Astonishing X-Men #10 (Joss Whedon/John Cassaday, Marvel)
The ending of the last issue worried me, since the whole "Danger Room comes alive and attacks the X-Men" plot seemed a little cliched and uninteresting, and unfortunately in this issue Whedon doesn't do much to convince me otherwise. At least he brings back the S.W.O.R.D. subplot with the aliens from the Breakworld, and hints at an overarching storyline for the whole first year's worth of issues. The bulk of this issue, though, is the X-Men fighting the Danger Room, which, while Cassaday makes it look pretty, is mostly just your standard fight scene, peppered with some of Whedon's sharp dialogue. Not the series' best issue.
Captain America and the Falcon #14 (Christopher Priest/Dan Jurgens, Marvel)
The series sort of putters to its conclusion, and I'm pretty much past caring. Priest finally manages to make me the political nuances of Captain America somewhat interesting, but it's too little too late. I feel like this was a series that never really found its footing, changing artists constantly and lacking direction in the plotting. I do like Priest's take on the Falcon, though, and I hope this issue's ambiguous ending will lead into his much-rumored Falcon series, and that Marvel will finally give him the chance to really develop a series that he hasn't had since Black Panther ended.
Desolation Jones #1 (Warren Ellis/J.H. Williams III, DC/Wildstorm)
Ellis finally launches a new ongoing series, and it seems like this will be the true heir to Transmetropolitan. His recent Marvel superhero work has left me cold, so I was greatly looking forward to this. It doesn't disappoint, although it's full of stock Ellis-isms, and the main character is your standard Ellis appalling bastard protagonist. Still, the concept is intriguing, Williams' art is, as always, breathtaking, and I hope that the ongoing format and creator-owned status will allow Ellis to cut loose like he hasn't in quite some time.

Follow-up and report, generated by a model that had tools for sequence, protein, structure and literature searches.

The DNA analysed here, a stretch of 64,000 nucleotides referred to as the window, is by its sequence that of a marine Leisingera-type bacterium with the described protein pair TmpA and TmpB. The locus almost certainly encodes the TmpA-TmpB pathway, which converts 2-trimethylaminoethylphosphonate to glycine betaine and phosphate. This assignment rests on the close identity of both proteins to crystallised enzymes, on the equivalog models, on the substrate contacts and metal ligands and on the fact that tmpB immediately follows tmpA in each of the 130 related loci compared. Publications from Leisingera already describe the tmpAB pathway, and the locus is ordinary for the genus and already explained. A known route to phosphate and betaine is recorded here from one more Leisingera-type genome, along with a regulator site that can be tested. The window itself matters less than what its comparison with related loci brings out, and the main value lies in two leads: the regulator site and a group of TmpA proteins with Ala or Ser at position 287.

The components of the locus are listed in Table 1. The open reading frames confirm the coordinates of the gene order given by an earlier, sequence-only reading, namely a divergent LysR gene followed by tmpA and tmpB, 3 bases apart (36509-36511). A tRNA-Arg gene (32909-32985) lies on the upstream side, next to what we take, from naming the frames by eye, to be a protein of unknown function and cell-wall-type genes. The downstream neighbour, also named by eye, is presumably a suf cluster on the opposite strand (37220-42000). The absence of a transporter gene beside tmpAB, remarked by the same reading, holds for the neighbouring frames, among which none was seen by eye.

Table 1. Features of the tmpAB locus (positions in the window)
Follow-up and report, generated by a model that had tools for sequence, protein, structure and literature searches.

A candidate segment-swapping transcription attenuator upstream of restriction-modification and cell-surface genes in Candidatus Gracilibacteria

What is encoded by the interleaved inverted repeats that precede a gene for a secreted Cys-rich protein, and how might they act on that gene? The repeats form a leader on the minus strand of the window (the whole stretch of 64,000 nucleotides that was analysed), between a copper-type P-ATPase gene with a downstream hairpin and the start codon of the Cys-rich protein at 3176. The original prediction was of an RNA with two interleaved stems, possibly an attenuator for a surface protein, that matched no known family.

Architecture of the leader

Fables #37 (Bill Willingham/Mark Buckingham, DC/Vertigo)
The Boy Blue story continues to offer an interesting glimpse into the Homelands, and allows Buckingham to cut loose with some absolutely wonderful fantasy artwork. Willingham seems to be leading up to some big revelations about the Adversary and I'm sure he'll deliver.
Mnemovore #2 (Hans Rodionoff & Ray Fawkes/Mike Huddleston, DC/Vertigo)
More creepy atmosphere with not much in the way of explanation. I have a feeling this will read better in a collected edition, but two issues in I might as well stick it out. The concept remains intriguing, and Huddleston's art is evocatively creepy; I just hope Rodionoff and Fawkes can back up the strange set-up with an equally interesting follow-through.
The Rann/Thanagar War #1 (Dave Gibbons/Ivan Reis, DC)
The last of the Infinite Crisis tie-ins to launch, and honestly the one I found most accessible. Gibbons effectively conveys the epic scale of the galactic war, explains fairly clearly who the players are, and sets the stakes. Reis' art is also good at illustrating the scale of the battles, and the book looks very nice overall. It's still not enough to get me reading further issues, since I don't care enough about the overarching event, but it's the first of the tie-ins that hasn't made me feel hopelessly lost.